• Huge week for good stuff to watch. So good, in fact, that I’m a day late with this release. I had too much good stuff to see. Here it all is.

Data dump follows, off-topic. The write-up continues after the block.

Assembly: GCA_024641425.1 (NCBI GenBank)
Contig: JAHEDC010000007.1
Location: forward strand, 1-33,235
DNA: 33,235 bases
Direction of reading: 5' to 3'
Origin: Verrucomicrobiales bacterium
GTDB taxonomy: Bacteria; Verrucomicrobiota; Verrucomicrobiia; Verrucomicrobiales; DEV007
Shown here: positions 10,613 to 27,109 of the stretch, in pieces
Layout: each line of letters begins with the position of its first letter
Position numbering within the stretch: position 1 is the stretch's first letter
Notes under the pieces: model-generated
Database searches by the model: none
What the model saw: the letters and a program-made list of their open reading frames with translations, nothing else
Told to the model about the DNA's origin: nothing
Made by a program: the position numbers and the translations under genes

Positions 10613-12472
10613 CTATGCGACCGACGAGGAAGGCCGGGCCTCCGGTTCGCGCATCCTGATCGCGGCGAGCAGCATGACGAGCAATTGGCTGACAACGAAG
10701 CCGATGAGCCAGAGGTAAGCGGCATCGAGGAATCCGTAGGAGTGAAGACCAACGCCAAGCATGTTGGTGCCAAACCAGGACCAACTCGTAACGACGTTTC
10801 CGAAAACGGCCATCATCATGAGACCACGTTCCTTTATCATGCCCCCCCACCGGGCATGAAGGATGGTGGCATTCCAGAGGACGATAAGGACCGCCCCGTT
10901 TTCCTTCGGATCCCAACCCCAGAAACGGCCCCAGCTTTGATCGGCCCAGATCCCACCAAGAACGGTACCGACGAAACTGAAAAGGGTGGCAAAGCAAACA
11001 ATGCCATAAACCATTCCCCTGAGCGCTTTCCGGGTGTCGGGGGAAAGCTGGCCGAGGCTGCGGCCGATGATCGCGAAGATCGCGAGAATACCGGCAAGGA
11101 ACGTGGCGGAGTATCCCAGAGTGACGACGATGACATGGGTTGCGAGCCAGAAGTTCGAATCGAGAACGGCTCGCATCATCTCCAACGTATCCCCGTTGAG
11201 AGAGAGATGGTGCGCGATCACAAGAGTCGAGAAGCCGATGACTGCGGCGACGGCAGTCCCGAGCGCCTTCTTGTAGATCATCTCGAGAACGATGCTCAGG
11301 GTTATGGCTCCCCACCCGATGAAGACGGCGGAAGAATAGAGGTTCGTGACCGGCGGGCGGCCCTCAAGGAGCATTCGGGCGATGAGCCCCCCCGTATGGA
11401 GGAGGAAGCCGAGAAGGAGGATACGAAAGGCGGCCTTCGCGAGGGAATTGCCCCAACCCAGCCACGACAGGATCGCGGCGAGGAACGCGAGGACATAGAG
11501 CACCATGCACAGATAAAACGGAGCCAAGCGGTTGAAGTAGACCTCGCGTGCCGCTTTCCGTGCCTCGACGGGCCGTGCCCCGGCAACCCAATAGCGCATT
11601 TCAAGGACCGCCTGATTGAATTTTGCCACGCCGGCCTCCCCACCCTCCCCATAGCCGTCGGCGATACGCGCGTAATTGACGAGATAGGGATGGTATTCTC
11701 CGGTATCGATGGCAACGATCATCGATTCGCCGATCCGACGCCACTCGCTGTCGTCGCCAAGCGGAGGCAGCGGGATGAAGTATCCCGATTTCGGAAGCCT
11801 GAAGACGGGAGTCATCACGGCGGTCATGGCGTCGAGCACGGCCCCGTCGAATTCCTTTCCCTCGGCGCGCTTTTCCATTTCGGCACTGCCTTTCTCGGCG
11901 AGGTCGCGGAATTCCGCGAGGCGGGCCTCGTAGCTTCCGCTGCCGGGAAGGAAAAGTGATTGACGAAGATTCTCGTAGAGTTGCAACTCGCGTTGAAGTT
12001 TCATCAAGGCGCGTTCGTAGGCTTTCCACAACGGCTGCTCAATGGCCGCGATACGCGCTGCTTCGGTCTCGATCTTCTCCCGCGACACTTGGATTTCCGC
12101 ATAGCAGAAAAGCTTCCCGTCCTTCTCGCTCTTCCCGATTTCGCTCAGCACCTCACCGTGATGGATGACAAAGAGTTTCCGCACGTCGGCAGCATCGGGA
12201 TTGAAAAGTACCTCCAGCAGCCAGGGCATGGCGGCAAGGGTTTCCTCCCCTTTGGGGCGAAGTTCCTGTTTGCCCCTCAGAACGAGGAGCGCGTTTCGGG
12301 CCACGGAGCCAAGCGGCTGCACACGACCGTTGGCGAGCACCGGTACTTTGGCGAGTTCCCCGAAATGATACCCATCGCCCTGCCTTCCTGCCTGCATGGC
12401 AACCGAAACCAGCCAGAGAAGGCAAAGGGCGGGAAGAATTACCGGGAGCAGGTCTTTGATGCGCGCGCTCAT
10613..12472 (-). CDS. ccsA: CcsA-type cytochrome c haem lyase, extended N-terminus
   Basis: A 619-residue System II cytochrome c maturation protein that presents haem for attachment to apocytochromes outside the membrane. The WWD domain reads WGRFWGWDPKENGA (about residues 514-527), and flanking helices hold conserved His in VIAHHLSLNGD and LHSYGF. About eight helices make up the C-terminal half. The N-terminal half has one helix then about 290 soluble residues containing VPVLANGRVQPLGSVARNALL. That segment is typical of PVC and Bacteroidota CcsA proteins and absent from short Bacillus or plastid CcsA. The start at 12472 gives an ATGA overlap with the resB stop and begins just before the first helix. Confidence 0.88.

Season Four of “Big Mouth” (2020): A simple blurb will not do how incredibly good this season of television is. Just like “The Simpsons” peaked in Season Four, this show all about puberty has found a similar stride. Starting with a shaky premiere episode at camp (although the recapping of Season Three to start the festivities was an inventive way to make a retread entertaining), the season picks up dramatically and comedically in Episode Two and never lets up from there. Seth Rogen makes an appearance as a camp friend to the show’s leads that is a nice nod to his arc on “Freaks and Geeks,” Patti Harrison mines her transitioning story for laughs and pathos and on top of that, Episode Two closes with one of the most brilliant poop gags of all time. So good it felt like it was written by Simon Rich, who I think may be the best living humor writer, pound for pound. That’s barely scratching the surface though. We see the evolution of the Missy character embracing her race, an episode that takes place entirely in the future chock full of Martin Shkreli jokes (a nice homage to “Futurama” and “The Simpsons” episode where Lisa becomes President) and another that was four vignettes about...hand stuff. It was...touching. The sequence with Andrew’s grandfather might be the funniest thing you’ll see on a TV all year. THIS IS TV’S BEST COMEDY (Streaming on Netflix).